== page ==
Five Common Digestive Disorders and How They’re Treated

Digestive problems are incredibly common in the UK, ranging from temporary discomfort because of something we ate, to digestive diseases which may require treatment and lifestyle changes.

Despite the prevalence of digestive conditions many people still feel uncomfortable talking about them. But it’s important to overcome any embarrassment and not to suffer in silence as there are many treatments available, and sometimes persistent digestive issues can indicate a more serious problem.

We talked to Dr Ramasamy Saravanan, Consultant Gastroenterologist at The Wilmslow Hospital, part of HCA Healthcare UK, about five of the most common gastrointestinal problems and what can be done about them.

1. Gastroesophageal Reflux Disease (GERD)

Acid reflux occurs when your stomach contents come back up your oesophagus or food pipe - usually causing a burning pain in the middle of your chest.

Having acid reflux or heartburn once in a while is common, but if you are experiencing these symptoms frequently, at least twice a week, then this could be a sign of GERD, a chronic digestive disease.

Many people can relieve their symptoms by avoiding certain food and drinks, taking antacids which are available over the counter, or by using prescription medicine which reduces the production of stomach acid and inflammation of the oesophagus.

Lifestyle changes can also help, like avoiding lying down after a meal, elevating the head of the bed when you go to sleep and quitting smoking. However, in some cases GERD will require treatment with medication or sometimes surgery.

If you are experiencing persistent heartburn, particularly if it’s accompanied by bad breath, nausea, pain in your chest or upper abdomen, or you have trouble swallowing, please see your doctor to be evaluated.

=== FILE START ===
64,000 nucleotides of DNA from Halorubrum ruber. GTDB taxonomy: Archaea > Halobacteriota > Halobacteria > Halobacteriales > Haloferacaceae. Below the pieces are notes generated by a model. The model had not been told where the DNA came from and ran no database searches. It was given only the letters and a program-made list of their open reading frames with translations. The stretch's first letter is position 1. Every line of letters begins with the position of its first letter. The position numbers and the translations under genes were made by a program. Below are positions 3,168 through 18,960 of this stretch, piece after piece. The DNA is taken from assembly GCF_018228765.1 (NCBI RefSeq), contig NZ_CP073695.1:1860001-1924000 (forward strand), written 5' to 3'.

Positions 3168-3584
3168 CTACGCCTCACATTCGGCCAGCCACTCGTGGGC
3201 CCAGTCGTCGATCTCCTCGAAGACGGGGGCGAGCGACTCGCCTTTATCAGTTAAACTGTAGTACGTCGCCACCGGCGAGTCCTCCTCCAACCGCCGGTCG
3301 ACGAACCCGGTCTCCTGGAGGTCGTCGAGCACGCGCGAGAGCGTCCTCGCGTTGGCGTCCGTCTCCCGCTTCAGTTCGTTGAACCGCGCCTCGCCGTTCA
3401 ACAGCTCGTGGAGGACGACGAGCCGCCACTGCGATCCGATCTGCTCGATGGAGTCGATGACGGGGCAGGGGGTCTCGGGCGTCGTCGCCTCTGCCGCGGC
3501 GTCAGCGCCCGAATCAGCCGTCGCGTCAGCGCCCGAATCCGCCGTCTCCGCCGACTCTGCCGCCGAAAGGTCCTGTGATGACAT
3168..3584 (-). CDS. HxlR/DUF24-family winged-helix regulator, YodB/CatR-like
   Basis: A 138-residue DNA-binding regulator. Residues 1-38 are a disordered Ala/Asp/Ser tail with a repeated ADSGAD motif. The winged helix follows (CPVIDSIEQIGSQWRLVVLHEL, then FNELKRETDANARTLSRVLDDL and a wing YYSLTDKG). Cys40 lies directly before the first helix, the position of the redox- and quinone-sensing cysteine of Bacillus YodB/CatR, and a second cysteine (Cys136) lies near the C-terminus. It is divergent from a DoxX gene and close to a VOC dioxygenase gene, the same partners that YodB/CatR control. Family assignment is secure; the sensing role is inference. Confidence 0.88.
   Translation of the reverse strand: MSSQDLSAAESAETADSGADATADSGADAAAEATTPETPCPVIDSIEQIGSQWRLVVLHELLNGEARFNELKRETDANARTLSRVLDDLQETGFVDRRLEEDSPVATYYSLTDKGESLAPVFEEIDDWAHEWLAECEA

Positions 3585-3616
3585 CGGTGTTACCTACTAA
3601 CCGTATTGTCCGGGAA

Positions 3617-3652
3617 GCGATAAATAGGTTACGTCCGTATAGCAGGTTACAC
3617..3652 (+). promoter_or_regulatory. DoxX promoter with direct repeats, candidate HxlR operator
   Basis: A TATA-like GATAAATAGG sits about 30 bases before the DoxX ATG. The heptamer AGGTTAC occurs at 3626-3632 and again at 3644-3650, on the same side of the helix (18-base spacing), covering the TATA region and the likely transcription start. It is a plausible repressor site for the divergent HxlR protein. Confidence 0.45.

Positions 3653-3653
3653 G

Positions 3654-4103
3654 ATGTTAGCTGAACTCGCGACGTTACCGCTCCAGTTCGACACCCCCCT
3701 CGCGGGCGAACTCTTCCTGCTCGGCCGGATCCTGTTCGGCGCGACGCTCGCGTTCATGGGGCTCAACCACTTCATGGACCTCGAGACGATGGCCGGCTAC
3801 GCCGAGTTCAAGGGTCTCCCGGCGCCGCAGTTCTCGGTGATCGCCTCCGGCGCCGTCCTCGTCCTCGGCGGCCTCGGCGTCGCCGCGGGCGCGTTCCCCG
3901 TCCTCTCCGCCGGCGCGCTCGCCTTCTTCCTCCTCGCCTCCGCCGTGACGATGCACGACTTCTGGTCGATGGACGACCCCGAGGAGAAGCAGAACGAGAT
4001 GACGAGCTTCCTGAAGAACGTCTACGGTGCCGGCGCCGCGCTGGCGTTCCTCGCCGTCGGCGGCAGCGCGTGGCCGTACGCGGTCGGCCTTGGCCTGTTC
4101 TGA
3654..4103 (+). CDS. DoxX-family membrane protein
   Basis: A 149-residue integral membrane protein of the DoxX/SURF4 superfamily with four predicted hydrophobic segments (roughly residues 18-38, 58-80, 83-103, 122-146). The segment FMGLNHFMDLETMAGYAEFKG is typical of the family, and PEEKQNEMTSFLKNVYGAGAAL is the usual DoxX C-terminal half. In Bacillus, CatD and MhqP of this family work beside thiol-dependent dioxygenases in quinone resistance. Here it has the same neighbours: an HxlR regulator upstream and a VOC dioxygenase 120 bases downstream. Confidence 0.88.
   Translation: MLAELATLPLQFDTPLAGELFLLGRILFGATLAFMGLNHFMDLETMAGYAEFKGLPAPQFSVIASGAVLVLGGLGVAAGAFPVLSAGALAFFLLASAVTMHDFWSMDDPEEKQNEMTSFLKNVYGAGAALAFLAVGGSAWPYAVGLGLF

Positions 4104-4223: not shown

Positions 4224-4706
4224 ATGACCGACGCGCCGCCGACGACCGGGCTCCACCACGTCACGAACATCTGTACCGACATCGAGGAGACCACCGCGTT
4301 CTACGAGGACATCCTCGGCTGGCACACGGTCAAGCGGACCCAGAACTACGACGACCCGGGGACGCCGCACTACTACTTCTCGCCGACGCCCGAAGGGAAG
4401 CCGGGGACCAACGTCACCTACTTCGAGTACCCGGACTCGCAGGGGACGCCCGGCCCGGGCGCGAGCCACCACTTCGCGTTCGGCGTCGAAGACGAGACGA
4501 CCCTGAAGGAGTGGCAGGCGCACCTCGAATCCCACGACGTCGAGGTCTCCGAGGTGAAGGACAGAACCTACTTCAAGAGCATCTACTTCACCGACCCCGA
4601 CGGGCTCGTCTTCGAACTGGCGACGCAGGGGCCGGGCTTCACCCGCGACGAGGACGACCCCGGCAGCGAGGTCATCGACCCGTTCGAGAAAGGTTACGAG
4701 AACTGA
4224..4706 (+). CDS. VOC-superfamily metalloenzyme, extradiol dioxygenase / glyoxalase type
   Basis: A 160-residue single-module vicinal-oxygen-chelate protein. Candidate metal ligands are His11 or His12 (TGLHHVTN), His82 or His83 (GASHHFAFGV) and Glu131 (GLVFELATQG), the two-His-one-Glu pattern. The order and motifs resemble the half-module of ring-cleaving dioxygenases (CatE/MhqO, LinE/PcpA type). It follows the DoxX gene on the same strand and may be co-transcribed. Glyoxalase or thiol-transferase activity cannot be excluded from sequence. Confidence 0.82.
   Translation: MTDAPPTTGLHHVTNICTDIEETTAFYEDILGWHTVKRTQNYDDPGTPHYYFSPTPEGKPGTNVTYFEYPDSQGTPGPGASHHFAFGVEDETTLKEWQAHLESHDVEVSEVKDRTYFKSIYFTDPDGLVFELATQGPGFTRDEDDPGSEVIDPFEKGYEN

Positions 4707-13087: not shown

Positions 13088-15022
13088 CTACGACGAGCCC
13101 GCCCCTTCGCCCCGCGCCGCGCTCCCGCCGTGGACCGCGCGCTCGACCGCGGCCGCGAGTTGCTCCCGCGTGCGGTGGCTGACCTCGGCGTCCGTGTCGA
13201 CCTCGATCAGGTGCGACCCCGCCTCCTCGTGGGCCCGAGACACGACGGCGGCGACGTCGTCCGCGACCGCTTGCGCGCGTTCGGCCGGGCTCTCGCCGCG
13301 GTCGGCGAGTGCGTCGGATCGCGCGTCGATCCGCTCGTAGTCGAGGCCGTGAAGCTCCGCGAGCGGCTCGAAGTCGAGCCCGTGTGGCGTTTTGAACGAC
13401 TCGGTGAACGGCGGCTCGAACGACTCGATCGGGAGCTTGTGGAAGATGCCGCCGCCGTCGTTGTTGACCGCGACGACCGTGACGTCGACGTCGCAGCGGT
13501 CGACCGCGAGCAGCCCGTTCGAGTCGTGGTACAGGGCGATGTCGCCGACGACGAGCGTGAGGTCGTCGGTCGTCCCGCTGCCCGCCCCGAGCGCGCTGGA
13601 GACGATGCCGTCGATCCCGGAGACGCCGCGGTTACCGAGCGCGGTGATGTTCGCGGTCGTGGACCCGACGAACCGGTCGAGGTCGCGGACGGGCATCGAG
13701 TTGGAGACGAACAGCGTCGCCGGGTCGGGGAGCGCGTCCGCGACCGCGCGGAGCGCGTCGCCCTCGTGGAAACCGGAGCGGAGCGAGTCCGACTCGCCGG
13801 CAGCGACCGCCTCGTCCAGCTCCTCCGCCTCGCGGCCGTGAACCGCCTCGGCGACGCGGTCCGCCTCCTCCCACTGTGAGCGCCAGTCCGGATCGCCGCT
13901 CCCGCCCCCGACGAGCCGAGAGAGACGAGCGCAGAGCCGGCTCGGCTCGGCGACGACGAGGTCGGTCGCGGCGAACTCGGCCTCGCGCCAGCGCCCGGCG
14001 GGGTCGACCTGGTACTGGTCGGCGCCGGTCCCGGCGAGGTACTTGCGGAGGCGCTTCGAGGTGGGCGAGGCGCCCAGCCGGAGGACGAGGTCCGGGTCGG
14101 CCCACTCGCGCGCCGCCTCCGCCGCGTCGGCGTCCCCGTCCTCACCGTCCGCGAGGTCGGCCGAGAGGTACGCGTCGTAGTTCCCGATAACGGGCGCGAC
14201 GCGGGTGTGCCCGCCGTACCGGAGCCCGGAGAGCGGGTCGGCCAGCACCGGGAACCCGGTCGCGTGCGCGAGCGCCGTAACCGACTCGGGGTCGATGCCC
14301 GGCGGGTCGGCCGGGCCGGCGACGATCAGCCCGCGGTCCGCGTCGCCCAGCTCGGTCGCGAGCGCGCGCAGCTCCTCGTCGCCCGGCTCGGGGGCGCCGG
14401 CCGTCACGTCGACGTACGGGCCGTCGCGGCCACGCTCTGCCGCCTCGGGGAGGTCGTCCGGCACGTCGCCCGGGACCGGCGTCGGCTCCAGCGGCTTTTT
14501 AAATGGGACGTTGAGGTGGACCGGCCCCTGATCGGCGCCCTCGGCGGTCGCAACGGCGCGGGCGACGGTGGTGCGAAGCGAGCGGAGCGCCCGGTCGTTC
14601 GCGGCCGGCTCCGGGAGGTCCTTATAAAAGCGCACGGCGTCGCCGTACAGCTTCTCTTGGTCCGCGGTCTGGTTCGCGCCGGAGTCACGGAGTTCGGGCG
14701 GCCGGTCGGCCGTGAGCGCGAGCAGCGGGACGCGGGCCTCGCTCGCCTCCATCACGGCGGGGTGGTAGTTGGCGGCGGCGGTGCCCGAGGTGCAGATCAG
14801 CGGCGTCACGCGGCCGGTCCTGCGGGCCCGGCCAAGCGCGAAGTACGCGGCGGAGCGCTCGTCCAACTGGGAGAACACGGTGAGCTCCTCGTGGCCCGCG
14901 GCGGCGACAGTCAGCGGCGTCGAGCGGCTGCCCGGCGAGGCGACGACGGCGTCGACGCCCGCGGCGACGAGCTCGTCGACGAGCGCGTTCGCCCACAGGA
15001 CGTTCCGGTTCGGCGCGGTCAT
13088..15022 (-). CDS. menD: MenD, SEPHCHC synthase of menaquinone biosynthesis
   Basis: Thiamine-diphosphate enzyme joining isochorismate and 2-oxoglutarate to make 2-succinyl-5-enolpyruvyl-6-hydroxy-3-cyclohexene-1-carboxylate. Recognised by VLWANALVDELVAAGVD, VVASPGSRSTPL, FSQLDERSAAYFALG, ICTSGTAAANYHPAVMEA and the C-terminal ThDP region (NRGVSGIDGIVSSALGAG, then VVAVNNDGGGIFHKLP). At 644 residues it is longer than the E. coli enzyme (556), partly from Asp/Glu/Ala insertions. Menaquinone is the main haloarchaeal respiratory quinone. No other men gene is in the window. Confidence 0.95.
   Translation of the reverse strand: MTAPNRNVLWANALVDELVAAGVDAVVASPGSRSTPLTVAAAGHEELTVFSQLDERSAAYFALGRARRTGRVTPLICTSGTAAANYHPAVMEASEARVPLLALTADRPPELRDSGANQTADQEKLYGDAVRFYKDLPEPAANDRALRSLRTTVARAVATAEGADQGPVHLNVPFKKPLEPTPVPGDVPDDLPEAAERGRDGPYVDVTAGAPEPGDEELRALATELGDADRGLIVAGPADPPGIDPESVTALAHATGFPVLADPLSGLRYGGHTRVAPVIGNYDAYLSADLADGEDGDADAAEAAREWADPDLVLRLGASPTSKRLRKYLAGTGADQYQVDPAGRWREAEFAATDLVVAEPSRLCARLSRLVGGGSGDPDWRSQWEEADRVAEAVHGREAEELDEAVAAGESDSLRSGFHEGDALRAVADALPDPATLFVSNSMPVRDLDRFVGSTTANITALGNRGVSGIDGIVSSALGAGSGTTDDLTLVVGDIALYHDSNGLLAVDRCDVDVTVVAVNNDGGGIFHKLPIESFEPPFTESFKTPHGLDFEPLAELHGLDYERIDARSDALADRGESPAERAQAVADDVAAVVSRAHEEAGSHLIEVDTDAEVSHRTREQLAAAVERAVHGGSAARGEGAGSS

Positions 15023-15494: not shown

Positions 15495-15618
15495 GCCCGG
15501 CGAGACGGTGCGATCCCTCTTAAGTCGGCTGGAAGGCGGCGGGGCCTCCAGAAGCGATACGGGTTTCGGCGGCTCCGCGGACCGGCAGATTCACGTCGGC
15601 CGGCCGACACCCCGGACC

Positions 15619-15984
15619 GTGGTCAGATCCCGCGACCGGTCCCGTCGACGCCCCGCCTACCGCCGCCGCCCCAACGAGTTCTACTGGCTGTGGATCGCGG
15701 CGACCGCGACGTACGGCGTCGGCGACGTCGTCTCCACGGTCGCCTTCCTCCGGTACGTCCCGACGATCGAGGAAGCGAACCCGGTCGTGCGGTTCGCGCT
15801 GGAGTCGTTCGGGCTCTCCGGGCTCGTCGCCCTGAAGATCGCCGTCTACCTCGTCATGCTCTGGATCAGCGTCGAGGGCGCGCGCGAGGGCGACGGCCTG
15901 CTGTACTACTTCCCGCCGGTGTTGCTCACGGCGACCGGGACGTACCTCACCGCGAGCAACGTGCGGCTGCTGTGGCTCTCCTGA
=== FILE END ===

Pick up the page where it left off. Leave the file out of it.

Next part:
2. Chronic Diarrhoea

Diarrhoea has multiple causes; it can happen because your body is unable to absorb food, which is the case with celiac disease, it can be a result of an infection or parasite, or can be linked to a disorder, like irritable bowel syndrome (IBS), ulcerative colitis or Crohn’s disease.

Experiencing occasional diarrhoea and the urgency to go is normal, but if you are experiencing loose stools often (three or more times per day) and for an extended period of time (lasting for at least three or four weeks), this can be a cause for concern.

Diarrhoea, particularly if it’s persistent, can really impact quality of life and, importantly, can indicate a more serious issue so please consult your doctor.

3. Chronic Constipation

Constipation is when your stool doesn’t pass through your digestive system as it normally should and remains in your colon for too long, becoming hard and dry. This then makes the stool difficult to pass and can also be painful. Chronic constipation is defined as having less than three bowel movements per week, for three weeks or longer.